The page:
• You are offered unusual or high-risk investments, a guaranteed return or something you are not familiar with. If someone offers a free pension review or claims to be able to help you access your pension before the age of 55, the chances are that you should just hang up.
  • You are approached out of the blue. If you have been contacted door-to-door, by telephone or by text message completely out of the blue, then you should be wary. Since January 2019, there has been a ban on cold calling about pensions, this means that unless you have requested it, you should not be contacted about your pension.
  • They give you unclear contact details. If the only contact details you have been given are a website, mobile number or PO Box then you should proceed with caution. If you are given a physical address, search it online. You may find that it is a ‘virtual’ office address, another favourite tactic of fraudsters.

If you think you have been a victim of a pension scam, you should speak to your pension provider as soon as possible. If you act quickly, they may be able to prevent a transfer of your money.  You can also report a suspected pension scam to Action Fraud.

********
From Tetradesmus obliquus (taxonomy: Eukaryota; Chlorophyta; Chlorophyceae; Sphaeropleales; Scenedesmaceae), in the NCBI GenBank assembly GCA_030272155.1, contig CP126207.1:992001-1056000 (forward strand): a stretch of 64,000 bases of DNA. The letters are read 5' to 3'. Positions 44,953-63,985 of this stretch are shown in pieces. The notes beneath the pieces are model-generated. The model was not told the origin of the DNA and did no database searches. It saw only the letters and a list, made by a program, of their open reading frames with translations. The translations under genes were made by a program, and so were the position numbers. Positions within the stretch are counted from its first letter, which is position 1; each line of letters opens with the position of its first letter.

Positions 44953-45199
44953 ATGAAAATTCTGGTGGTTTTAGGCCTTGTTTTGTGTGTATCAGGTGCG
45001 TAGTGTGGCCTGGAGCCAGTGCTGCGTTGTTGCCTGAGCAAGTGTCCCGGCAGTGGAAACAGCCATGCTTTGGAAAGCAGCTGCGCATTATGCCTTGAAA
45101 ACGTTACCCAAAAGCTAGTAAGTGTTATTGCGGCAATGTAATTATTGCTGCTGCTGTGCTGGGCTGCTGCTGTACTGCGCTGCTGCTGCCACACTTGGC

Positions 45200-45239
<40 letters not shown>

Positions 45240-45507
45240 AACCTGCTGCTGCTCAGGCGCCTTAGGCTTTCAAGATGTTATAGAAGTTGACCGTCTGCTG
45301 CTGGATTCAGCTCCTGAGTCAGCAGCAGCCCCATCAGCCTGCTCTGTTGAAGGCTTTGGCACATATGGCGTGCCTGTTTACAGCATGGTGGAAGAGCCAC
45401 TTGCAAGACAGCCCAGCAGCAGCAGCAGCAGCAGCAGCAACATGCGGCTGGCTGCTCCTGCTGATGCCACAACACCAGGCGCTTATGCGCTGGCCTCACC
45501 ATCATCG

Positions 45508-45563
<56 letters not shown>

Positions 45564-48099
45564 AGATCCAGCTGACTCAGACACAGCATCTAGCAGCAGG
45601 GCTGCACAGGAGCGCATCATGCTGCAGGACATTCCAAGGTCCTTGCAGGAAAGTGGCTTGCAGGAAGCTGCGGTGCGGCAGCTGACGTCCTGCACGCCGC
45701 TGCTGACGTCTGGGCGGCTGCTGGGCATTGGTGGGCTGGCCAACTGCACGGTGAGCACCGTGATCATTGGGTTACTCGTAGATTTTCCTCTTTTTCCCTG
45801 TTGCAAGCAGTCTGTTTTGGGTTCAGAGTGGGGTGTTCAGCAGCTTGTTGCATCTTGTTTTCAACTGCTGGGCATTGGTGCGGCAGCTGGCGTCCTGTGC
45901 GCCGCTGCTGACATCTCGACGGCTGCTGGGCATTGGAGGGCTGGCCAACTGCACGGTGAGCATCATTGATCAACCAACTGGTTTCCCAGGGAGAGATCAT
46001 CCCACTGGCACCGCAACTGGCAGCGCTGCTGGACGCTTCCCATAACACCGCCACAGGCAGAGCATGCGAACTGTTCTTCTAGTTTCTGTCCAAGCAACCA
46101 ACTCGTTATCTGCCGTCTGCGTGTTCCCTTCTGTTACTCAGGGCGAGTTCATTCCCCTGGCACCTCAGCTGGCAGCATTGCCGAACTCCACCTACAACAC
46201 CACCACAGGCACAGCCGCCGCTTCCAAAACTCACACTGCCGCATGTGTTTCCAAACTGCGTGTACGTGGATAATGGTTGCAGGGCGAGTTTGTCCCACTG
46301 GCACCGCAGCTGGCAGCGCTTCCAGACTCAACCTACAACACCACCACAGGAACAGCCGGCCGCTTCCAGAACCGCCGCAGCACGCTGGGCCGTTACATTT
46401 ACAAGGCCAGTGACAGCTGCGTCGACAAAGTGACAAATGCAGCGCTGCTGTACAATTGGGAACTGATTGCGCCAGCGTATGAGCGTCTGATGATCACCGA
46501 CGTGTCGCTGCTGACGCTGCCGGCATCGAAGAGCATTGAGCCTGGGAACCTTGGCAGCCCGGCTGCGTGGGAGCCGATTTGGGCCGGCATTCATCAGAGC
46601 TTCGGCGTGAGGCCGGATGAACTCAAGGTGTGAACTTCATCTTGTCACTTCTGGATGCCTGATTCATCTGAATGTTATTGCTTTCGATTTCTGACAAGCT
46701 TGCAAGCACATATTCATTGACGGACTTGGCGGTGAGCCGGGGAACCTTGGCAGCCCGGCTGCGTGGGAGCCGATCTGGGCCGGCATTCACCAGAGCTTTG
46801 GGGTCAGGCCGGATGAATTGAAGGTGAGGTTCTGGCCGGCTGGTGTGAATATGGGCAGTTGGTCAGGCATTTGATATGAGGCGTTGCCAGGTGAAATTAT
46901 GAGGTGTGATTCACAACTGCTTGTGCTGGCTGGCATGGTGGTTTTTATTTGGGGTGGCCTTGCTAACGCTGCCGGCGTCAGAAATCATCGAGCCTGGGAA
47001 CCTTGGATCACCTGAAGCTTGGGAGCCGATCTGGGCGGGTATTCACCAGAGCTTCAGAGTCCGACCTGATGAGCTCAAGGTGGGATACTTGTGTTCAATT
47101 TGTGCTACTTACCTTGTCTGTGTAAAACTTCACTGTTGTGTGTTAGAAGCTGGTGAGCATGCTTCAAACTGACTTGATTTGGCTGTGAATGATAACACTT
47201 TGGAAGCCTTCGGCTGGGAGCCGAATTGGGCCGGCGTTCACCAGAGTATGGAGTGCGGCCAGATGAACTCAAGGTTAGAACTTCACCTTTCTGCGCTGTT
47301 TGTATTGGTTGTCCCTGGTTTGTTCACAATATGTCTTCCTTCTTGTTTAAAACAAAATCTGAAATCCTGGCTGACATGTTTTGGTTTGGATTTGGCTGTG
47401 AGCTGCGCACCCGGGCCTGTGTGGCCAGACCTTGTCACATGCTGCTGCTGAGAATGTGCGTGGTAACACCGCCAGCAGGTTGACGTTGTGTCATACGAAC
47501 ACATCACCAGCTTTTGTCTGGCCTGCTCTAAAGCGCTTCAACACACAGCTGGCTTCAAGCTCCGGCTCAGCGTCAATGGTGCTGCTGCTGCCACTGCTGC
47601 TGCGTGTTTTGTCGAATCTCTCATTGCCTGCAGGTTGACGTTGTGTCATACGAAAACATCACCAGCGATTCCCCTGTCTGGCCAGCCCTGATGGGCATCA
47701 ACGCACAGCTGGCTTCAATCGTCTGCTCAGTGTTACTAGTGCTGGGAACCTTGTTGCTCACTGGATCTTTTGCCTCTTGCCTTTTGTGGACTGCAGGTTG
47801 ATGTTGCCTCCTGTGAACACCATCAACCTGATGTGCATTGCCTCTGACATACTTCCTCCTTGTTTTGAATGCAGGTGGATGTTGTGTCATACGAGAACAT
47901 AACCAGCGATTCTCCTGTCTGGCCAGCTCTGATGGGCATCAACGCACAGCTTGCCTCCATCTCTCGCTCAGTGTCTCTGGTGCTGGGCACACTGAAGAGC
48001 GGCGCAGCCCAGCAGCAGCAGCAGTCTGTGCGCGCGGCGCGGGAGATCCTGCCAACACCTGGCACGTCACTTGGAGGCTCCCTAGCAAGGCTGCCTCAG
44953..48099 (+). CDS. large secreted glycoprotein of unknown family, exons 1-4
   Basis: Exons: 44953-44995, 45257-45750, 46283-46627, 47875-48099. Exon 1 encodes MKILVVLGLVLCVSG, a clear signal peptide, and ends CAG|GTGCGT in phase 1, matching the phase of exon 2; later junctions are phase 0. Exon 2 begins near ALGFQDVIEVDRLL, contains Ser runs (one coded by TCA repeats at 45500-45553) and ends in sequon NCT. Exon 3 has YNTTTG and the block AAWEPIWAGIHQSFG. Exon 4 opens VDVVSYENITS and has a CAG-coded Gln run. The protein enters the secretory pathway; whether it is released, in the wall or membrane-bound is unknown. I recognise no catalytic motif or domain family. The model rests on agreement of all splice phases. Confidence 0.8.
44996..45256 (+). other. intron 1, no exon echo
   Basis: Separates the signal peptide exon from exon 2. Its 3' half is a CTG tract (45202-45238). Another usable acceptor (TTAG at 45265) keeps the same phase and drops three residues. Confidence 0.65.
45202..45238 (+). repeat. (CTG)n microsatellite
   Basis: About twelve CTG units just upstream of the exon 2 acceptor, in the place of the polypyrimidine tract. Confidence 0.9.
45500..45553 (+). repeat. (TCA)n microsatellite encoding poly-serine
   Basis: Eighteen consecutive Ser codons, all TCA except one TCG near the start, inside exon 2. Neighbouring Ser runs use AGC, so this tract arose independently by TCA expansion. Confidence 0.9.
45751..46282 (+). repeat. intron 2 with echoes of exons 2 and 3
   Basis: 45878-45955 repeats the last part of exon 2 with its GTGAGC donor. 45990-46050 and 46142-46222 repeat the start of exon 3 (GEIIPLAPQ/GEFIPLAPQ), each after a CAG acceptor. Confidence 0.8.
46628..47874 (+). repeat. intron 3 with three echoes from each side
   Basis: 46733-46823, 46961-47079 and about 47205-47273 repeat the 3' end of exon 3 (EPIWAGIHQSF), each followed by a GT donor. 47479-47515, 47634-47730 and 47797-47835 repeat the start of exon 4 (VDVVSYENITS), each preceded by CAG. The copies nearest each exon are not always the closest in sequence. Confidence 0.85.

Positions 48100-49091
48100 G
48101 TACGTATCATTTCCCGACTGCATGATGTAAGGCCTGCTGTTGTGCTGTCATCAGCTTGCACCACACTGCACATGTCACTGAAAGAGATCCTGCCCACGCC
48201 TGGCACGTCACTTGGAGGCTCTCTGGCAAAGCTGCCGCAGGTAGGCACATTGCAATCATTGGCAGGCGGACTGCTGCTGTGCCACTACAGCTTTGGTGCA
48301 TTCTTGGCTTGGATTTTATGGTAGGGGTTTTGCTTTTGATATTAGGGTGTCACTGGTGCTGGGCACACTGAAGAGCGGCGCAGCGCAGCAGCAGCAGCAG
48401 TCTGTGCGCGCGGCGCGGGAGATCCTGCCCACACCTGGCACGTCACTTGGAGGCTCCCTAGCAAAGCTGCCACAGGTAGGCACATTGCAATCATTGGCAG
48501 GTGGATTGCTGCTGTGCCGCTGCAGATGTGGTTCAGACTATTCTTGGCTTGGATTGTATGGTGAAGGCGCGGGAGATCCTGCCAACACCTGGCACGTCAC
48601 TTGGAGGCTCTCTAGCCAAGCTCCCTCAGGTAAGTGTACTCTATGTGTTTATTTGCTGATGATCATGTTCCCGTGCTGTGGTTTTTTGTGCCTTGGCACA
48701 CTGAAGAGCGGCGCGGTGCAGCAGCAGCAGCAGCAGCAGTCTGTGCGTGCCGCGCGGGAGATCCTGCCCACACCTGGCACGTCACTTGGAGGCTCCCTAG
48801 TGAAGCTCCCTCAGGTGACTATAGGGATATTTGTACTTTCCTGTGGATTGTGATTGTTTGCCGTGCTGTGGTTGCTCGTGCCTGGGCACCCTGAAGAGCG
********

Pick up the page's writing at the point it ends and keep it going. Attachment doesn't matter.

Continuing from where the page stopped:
If you’d like to learn more, take a look at the FCA’s warning list of well-known pension scams.

Introducing Scam Man & Robbin’

Making it easier for people to protect their friends and family from pension scams was the reason behind Pension Bee’s recent hackathon. We were delighted to work with them and to play our part in finding an innovative and educational way to get the message about pensions scams across.